Genres: Contemporary, Suicide,
Release Date: 14/06/2011 (this ed.)
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Listen To Hannah's Tapes Here
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You can't stop the future. You can't rewind the past. The only way to learn the secret... is to press play.
Clay Jensen doesn't want anything to do with the tapes Hannah Baker made. Hannah is dead. Her secrets should be buried with her.
Then Hannah's voice tells Clay that his name is on her tapes-- and that he is, in some way, responsible for her death.
All through the night, Clay keeps listening. He follows Hannah's recorded words throughout his small town...
...and what he discovers changes his life forever.
I originally read Thirteen Reasons Why when it was first released and it has stuck with me ever since. For reasons (pun unintended) unknown, I no longer have my copy so when I spotted a cheap copy in a charity shop I grabbed it immediately and finished it the same day.
Hannah is a very damaged, fragile character who is disillusioned about the world she's in and the people she sees every day. You have to remember that a high schooler's mental health is much worse than those in a psychiatric facility and there is so much going on that you can quickly become overwhelmed, even by the little things. As Hannah said, for her this had a snowball effect and lead to her being more and more depressed before eventually committing suicide.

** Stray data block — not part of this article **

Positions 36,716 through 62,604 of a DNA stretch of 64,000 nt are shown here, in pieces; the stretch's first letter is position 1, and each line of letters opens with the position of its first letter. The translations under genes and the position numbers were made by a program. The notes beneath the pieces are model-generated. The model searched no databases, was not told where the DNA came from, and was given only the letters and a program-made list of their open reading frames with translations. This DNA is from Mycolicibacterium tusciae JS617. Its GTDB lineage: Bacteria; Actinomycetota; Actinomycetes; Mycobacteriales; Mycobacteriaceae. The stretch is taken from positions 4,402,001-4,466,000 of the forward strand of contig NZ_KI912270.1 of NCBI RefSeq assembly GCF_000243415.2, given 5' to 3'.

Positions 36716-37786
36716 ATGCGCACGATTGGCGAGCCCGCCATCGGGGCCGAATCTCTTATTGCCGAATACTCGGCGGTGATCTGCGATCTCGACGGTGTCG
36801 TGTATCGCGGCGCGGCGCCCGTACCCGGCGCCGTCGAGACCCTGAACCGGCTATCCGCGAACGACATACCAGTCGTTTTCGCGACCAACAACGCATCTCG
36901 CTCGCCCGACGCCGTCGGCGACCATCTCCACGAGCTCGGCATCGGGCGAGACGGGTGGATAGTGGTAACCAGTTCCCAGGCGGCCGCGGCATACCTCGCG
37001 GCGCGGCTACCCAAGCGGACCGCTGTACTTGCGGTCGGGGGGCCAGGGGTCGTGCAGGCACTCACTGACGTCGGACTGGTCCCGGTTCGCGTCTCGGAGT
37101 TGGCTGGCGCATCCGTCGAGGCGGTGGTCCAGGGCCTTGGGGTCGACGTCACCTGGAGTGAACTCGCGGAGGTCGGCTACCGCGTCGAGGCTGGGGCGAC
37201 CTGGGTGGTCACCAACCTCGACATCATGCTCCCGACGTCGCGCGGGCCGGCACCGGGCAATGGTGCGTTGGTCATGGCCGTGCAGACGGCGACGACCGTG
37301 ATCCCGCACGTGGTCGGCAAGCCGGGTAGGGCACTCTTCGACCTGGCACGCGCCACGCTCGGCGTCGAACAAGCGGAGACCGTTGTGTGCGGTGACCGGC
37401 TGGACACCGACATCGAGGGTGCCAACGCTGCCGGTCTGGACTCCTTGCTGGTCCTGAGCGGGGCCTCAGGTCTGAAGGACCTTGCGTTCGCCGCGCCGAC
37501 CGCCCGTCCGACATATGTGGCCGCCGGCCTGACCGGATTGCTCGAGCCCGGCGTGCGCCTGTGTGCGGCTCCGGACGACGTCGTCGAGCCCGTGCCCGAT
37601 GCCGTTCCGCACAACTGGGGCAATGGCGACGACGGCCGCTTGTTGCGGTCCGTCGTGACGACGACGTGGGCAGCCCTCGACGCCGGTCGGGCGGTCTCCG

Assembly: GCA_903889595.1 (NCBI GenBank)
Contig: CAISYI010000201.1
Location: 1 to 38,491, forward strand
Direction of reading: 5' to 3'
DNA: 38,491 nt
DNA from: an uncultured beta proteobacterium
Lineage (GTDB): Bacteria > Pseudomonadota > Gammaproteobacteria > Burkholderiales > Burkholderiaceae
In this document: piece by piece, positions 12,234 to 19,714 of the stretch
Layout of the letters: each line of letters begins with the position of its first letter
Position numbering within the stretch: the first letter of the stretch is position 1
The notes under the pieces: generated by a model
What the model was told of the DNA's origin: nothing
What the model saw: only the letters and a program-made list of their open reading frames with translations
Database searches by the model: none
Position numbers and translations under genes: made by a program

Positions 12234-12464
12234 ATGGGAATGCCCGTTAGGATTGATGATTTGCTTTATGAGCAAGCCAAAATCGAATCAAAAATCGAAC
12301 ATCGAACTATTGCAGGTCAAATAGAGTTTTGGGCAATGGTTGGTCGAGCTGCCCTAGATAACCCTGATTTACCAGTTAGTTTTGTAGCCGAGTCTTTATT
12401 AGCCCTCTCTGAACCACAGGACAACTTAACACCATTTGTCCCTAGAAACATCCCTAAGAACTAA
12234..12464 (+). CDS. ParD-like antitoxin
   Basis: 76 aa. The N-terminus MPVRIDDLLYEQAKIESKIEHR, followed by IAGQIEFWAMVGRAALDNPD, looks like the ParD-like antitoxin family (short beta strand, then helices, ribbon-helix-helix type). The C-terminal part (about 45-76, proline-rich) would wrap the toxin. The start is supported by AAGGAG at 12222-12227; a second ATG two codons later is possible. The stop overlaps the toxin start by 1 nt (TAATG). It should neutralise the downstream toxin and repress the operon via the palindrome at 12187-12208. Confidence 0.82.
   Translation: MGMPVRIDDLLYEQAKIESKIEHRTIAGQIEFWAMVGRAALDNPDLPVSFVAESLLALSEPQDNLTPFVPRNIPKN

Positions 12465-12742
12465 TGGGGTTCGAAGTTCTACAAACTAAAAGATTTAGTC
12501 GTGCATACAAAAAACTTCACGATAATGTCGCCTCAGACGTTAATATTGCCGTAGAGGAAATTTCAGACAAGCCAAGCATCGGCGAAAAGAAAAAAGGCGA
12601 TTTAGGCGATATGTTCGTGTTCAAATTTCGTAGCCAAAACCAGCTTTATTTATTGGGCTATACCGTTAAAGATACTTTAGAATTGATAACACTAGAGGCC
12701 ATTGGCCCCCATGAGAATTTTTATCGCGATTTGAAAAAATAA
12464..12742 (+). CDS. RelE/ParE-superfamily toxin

Clay is Hannah's opposite in many ways - he's the good guy. The guy that doesn't go to parties because he's at home studying. The guy that's in love with Hannah. One thing I particularly enjoyed about this book was Clay's grief, at the start he'd clearly not grieved for Hannah and we followed him as he went through the motions, listening to the girl he loved tell her story.
The only problem I had with this book was the way it was written, kind of. Hannah's sections are in italics and Clay's in normal type but my brain did get confused about who was talking at times, the same as when I first read it. I was forced to keep pulling myself out of the story so I could recognise who was talking.
I think this book is an amazing look at how people are affected by one person's suicide, and how kids in high school can be. It's a very volatile environment and one I'm particularly glad to have got myself out of. It's on my list of contemporary you must read, which is entirely in my head.